NASA’s Fermi Mission Energizes the Sky with Gamma-ray Constellations
Fermi Gamma-ray Space Telescope celebrates 10 years of observations with a map of 21 constellations connecting known gamma-ray sources
Long ago, sky watchers linked the brightest stars into patterns reflecting animals, heroes, monsters and even scientific instruments into what is now an official collection of 88 constellations. Now scientists with NASA’s Fermi Gamma-ray Space Telescope have devised a set of modern constellations constructed from sources in the gamma-ray sky to celebrate the mission’s 10th year of operations.
The new constellations include a few characters from modern myths. Among them are the Little Prince, the time-warping TARDIS from “Doctor Who,” Godzilla and his heat ray, the antimatter-powered U.S.S. Enterprise from “Star Trek: The Original Series” and the Hulk, the product of a gamma-ray experiment gone awry.
“Developing these unofficial constellations was a fun way to highlight a decade of Fermi’s accomplishments,” said Julie McEnery, the Fermi project scientist at NASA’s Goddard Space Flight Center in Greenbelt, Maryland and co-director of the Joint Space-Science Institute. “One way or another, all of the gamma-ray constellations have a tie-in to Fermi science.”
Since July 2008, Fermi’s Large Area Telescope (LAT) has been scanning the entire sky each day, mapping and measuring sources of gamma rays, the highest-energy light in the universe. The emission may come from pulsars, nova outbursts, the debris of supernova explosions and giant gamma-ray bubbles located in our own galaxy, or supermassive black holes and gamma-ray bursts—the most powerful explosions in the cosmos—in others.
“By 2015, the number of different sources mapped by Fermi’s LAT had expanded to about 3,000—10 times the number known before the mission,” said Goddard’s Elizabeth Ferrara, who is also an associate research scientist in the Department of Astronomy at the University of Maryland and led the constellation project. “For the first time ever, the number of known gamma-ray sources was comparable to the number of bright stars, so we thought a new set of constellations was a great way to illustrate the point.”
The 21 gamma-ray constellations include famous landmarks—such as Sweden’s recovered warship, Vasa, the Washington Monument and Mount Fuji in Japan—in countries contributing to Fermi science. Others represent scientific ideas or tools, from Schrödinger’s Cat—both alive and dead, thanks to quantum physics—to Albert Einstein, Radio Telescope and Black Widow Spider, the namesake of a class of pulsars that evaporate their unfortunate companion stars.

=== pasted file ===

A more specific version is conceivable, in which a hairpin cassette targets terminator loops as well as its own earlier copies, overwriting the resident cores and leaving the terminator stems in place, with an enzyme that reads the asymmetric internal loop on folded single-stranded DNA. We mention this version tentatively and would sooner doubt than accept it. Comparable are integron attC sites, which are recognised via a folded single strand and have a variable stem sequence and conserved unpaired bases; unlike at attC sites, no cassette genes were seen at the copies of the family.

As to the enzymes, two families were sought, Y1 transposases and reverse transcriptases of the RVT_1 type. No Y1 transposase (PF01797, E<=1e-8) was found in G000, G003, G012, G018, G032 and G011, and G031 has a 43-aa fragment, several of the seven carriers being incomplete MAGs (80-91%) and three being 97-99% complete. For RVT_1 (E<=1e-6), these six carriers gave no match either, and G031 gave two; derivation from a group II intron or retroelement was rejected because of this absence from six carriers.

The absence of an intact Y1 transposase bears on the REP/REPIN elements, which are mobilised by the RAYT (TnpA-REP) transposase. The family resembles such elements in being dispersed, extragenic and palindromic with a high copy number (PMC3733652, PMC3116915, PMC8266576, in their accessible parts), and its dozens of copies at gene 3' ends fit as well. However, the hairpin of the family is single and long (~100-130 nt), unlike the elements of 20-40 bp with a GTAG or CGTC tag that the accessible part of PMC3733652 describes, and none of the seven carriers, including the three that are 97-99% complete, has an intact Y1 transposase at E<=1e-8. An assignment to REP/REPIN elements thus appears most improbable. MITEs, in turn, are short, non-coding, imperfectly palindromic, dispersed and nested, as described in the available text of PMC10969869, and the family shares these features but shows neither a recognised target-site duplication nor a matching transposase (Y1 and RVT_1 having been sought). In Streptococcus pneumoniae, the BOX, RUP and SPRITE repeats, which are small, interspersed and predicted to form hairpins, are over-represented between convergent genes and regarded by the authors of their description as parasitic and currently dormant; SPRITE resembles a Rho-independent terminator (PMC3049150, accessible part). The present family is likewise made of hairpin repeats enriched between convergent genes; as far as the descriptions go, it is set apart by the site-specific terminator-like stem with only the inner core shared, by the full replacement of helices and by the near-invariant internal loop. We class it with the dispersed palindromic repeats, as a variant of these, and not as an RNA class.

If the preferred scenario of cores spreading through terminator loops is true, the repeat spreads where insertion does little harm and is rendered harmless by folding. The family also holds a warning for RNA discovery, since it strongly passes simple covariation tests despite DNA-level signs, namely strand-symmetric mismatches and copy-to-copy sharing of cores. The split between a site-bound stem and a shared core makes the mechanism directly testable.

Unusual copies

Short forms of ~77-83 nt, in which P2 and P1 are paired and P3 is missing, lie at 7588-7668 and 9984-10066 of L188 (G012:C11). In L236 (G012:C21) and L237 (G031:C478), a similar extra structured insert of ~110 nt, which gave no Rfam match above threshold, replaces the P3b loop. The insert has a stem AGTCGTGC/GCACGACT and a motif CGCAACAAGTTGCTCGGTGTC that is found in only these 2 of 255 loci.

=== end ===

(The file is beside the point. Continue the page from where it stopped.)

Ferrara and Daniel Kocevski, an astrophysicist now at NASA’s Marshall Space Flight Center in Huntsville, Alabama, developed a web-based interactive to showcase the constellations, with artwork from Aurore Simonnet, an illustrator at Sonoma State University in Rohnert Park, California, and a map of the whole gamma-ray sky from Fermi. Clicking on a constellation turns on its artwork and name, which includes a link to a page with more information. Other controls switch on the visible sky and selected traditional constellations.
“Fermi is still going strong, and we are now preparing a new all-sky LAT catalog,” said Jean Ballet, a Fermi team member at the French Atomic Energy Commission in Saclay. “This will add about 2,000 sources, many varying greatly in brightness, further enriching these constellations and enlivening the high-energy sky!”
This article was adapted from text provided by NASA.
To explore Fermi’s Gamma-ray Constellations, visit: https://fermi.gsfc.nasa.gov/science/constellations/
NASA's Fermi Gamma-ray Space Telescope is an astrophysics and particle physics partnership, developed in collaboration with the U.S. Department of Energy and with important contributions from academic institutions and partners in France, Germany, Italy, Japan, Sweden and the United States. For more about NASA’s Fermi mission, visit: https://www.nasa.gov/fermi
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